So easy for you to fall into the “don’t go there” trap-and you are so good at it.

        But, not good enough, jP.

  2. I think I sense much bitterness here from a ‘NIMBY’ publication.

    The government has set out it’s national policy for this stage of the net zero 2050 program.

    Part of that is to stop new petrol & diesel car sales by 2030.

    More indiginous natural resource production not imported.

    Carbon capture & turning natural gas into hydrogen which will at least reduce CO2 gas emissions especially if all current gas boiler systems are run with a mixture of gas & hydrogen or converted to run on hydrogen.

    The UK government are leading the way in the world to have a net zero target by 2050 & are cutting the largest producers of CO2
    ( cars & gas boilers) emissions into the environment first.

    It is also helping national home owners reduce the use of oil, gas & electricity & there bills by insulating there homes & smart meters.

    From so called CO2 reduction activists? I have not heard one positive comment on these issues not even the extra production of electricity from wind power or nuclear generation.

    Talk is cheap but unfortunately the solutions are a little more complicated.

  3. Many gas boilers will be replaced as part of reaching net zero targets. No gas boilers in new build and gas boilers being replaced by heat pumps. Solar panels installed and improved energy efficiency measures all add up to less dependency on gas. Good news.

    • Think there will be many more conversions from gas boilers to hydrogen boilers/hydrogen mix boilers, KatT, so gas still required for many years to come. New build is a relatively small part of the housing mix in the UK, and is still featuring gas boilers, predominantly.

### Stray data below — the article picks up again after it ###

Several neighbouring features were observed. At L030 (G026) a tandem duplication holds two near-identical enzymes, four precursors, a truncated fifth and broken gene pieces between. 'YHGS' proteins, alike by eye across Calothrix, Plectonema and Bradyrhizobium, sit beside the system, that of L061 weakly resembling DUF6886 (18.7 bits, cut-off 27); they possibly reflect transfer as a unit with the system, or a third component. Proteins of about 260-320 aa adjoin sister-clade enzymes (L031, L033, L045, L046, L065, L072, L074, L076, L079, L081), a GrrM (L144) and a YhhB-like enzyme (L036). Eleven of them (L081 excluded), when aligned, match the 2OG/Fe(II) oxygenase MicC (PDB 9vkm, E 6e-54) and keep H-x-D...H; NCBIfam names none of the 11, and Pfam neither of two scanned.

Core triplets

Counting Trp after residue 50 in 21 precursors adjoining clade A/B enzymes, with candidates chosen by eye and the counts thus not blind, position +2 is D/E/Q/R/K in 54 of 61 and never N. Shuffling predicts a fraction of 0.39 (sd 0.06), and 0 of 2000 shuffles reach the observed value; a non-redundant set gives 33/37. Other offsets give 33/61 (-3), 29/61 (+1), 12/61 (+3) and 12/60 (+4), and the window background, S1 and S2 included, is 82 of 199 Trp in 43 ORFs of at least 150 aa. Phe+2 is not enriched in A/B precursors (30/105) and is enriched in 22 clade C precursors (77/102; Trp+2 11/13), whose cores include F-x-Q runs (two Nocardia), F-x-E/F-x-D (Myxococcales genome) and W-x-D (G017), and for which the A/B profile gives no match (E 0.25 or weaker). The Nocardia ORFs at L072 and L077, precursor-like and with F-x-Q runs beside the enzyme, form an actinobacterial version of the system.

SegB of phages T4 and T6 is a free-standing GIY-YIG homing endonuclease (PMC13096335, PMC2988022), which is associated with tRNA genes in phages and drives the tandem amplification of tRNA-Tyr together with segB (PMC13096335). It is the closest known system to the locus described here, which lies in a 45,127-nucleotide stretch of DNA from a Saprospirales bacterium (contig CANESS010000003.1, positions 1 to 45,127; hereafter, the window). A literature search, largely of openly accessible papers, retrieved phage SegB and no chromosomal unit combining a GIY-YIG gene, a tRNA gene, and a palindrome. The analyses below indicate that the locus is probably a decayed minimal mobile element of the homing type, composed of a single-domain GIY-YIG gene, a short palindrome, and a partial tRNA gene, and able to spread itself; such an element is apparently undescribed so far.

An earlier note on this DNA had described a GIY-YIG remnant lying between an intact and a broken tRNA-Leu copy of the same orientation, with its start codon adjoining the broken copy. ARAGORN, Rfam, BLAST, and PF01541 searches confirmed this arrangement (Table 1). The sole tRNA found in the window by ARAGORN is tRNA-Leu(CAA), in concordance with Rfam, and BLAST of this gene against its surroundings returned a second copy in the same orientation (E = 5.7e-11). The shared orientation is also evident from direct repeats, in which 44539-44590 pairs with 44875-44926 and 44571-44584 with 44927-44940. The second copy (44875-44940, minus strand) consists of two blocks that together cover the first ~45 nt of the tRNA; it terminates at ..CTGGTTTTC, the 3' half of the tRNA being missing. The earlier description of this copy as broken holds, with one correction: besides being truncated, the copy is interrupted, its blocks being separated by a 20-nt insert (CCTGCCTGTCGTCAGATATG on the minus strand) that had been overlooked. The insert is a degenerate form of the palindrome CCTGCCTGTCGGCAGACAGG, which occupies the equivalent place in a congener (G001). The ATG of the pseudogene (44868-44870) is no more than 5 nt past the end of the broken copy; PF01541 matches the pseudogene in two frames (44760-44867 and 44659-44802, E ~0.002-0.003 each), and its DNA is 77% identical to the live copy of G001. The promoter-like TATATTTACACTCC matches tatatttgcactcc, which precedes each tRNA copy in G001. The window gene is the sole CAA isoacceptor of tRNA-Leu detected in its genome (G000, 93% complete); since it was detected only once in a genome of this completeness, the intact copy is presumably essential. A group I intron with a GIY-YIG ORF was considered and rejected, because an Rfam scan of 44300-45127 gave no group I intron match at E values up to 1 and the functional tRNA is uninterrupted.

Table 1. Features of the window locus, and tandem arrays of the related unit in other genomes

UKOG have provided an assessment of what they believe could be produced. As Paul states that is not relevant to the planning process.

      However, if the Nimbys are really that concerned to find out whether the gas is that significant, the only way to find out is to conduct the drilling! UKOG want to determine the significance of the gas. Wonder if the fracking in Cornwall for geothermal was able to define exactly the outcome beforehand? Seems the “alternatives” have the same issues regarding assessment and delivery-but only one way to find out the reality.

  4. KatT

    All to be welcomed & this is all part of the transition which is just beginning & will continue over the next 30 years.

    There are no magic wands & even in 2050 oil & gas will still be needed in quantity in the UK.

    Many of the products not combusted & no CO2 emissions are produced this is what the refining process is all about.

    Where combustion takes place emissions are monitored & the target is net zero not no emissions!

    Wind & solar power have been around for the last 40 or 50 years why do you think that they are not the main source of power in the world today?

    Do you see the UK needing more nuclear power stations like Hinckley point especially with the new one mooted for Suffolk?

    There are many more wind farms proposed for the UK which is great but can they guarantee the continuation of supply as earlier this year there were serious power generation shortages which meant problems keeping the lights on & businesses running even with this years lower business activity due to the lack of wind power?